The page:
"you can socially engineer a password or phish for one too." - Social engineering and phishing only work on idiots who can't tell the difference between a real website and a fake one by looking at the URL bar and who are gullible enough to provide too much information over the phone to some "customer service rep". Fingerprint lifting can work on ANYONE and you can't change your fingerprint.

The majority of thieves CAN afford the tools to hack your fingerprint but NOT your encrypted password which you can change and is a feature available on all smartphones.


The point is about the fingerprint security by itself. Passwords, by themselves, can't be hacked.

It does not make sense to spend a few hundred dollars more for a fingerprint scanner under the pretence of it being secure. Now the iSheep argue that it's more for convenience. My point is, not locking your phone at all is just as convenient.

Perhaps you can shake those pebbles loose in your skull. Do tell me how they get a clean copy of my fingerprint after they take my phone in first place. Because really all thieves will use gloves and will be extra careful not to smudge any fingerprints on it too. And if I use my pinky finger, how would they get a copy of that. I don't touch my phone with it.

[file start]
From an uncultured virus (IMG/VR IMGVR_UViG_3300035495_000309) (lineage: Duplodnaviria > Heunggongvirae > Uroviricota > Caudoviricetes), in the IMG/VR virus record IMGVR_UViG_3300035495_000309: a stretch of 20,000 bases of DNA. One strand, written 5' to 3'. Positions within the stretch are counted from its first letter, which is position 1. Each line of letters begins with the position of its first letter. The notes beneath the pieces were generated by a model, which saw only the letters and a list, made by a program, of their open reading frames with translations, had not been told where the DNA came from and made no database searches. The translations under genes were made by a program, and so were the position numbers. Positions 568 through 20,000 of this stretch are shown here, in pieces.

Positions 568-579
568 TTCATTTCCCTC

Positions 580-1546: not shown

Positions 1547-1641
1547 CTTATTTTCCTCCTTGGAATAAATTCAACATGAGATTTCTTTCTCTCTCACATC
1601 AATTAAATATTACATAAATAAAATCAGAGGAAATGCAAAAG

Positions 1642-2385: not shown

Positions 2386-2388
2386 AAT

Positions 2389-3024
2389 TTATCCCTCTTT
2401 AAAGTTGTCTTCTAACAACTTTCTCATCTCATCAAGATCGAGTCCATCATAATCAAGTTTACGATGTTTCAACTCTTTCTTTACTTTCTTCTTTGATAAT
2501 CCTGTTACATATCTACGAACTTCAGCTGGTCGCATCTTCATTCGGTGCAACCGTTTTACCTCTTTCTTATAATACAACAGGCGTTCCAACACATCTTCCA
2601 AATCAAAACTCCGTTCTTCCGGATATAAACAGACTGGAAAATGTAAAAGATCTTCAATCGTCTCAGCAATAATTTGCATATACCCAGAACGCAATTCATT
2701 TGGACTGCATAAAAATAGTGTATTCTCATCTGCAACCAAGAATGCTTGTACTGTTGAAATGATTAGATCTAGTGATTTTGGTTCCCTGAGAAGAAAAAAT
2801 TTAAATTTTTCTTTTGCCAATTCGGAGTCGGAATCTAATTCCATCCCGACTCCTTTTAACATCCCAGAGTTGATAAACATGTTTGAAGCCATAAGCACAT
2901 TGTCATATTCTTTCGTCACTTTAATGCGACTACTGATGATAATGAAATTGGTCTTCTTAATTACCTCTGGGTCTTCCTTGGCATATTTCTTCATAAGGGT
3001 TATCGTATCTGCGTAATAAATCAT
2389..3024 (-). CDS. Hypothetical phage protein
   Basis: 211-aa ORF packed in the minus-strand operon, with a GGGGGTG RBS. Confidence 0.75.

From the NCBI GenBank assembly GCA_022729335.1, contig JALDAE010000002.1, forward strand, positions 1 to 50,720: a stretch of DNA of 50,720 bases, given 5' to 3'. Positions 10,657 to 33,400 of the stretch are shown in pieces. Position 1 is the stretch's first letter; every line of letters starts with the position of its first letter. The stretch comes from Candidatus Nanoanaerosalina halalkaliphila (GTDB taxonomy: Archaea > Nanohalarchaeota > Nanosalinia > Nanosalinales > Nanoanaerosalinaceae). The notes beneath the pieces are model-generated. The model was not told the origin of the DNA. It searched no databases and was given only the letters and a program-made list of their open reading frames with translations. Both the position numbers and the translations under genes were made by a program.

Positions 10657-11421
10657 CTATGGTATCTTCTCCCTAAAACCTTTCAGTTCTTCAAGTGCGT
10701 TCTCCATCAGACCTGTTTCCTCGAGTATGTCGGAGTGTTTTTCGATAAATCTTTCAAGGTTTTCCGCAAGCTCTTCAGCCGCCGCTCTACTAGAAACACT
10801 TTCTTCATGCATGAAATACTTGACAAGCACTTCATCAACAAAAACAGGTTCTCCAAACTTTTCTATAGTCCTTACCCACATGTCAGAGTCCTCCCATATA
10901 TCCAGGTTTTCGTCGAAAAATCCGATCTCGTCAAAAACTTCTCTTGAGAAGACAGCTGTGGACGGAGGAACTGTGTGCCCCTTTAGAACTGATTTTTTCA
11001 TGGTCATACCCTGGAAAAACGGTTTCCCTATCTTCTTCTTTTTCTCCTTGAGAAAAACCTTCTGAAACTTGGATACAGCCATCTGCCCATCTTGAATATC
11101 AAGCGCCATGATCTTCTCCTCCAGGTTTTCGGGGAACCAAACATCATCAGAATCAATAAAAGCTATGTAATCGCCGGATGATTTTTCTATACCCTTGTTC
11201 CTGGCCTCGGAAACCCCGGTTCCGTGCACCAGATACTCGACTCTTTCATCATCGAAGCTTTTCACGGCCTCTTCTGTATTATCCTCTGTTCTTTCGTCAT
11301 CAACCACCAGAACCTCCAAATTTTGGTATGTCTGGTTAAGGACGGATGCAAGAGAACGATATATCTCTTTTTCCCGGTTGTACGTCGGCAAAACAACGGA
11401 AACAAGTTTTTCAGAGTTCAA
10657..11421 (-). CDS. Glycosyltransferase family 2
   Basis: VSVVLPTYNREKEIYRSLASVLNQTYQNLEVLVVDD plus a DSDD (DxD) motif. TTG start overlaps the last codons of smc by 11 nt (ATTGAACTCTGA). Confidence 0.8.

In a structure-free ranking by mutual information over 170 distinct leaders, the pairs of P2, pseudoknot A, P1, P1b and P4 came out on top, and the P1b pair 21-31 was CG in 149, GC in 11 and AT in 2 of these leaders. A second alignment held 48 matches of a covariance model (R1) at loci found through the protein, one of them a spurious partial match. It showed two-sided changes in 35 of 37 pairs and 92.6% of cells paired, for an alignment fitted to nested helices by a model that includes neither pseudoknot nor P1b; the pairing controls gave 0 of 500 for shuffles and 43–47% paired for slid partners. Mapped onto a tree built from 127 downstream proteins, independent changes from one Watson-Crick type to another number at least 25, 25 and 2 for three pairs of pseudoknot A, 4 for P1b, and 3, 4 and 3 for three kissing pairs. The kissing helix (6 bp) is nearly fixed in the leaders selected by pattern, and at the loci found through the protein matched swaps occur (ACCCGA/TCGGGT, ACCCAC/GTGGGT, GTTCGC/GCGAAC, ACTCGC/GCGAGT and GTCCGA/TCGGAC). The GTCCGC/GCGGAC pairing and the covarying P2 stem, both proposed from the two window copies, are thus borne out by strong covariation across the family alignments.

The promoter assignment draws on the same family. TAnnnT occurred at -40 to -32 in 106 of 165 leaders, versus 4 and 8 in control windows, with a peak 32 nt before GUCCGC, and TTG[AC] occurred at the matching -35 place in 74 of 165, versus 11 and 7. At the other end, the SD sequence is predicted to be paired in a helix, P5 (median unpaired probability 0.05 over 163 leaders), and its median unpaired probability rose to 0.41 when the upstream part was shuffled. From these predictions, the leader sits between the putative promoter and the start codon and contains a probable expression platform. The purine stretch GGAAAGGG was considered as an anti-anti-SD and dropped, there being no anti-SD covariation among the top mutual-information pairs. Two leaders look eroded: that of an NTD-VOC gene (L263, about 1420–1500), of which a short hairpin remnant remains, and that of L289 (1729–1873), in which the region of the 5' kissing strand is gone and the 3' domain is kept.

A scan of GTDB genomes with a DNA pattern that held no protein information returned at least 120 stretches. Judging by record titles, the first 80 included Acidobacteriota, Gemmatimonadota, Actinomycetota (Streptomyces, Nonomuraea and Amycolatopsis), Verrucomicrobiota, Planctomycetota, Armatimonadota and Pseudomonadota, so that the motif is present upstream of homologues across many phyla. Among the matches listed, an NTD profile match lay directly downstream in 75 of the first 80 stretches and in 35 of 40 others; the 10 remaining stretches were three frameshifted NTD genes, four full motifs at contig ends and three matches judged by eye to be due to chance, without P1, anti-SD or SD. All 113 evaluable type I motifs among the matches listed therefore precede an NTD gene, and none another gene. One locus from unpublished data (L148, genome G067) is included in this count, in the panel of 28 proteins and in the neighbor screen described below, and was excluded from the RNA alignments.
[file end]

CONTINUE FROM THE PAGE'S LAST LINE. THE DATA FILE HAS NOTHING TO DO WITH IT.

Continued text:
post #288 of 319
Quote:
Originally Posted by jungmark View Post

Perhaps you can shake those pebbles loose in your skull. Do tell me how they get a clean copy of my fingerprint after they take my phone in first place. Because really all thieves will use gloves and will be extra careful not to smudge any fingerprints on it too. And if I use my pinky finger, how would they get a copy of that. I don't touch my phone with it.

Ahh so you use the ol' 'cup of tea' grip? lol.gif
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post #289 of 319
Quote:
Originally Posted by dasanman69 View Post

Ahh so you use the ol' 'cup of tea' grip? lol.gif

I'm fancy like that. The pinky holds the bottom of the phone like a shelf.
post #290 of 319
Quote:
Originally Posted by dasanman69 View Post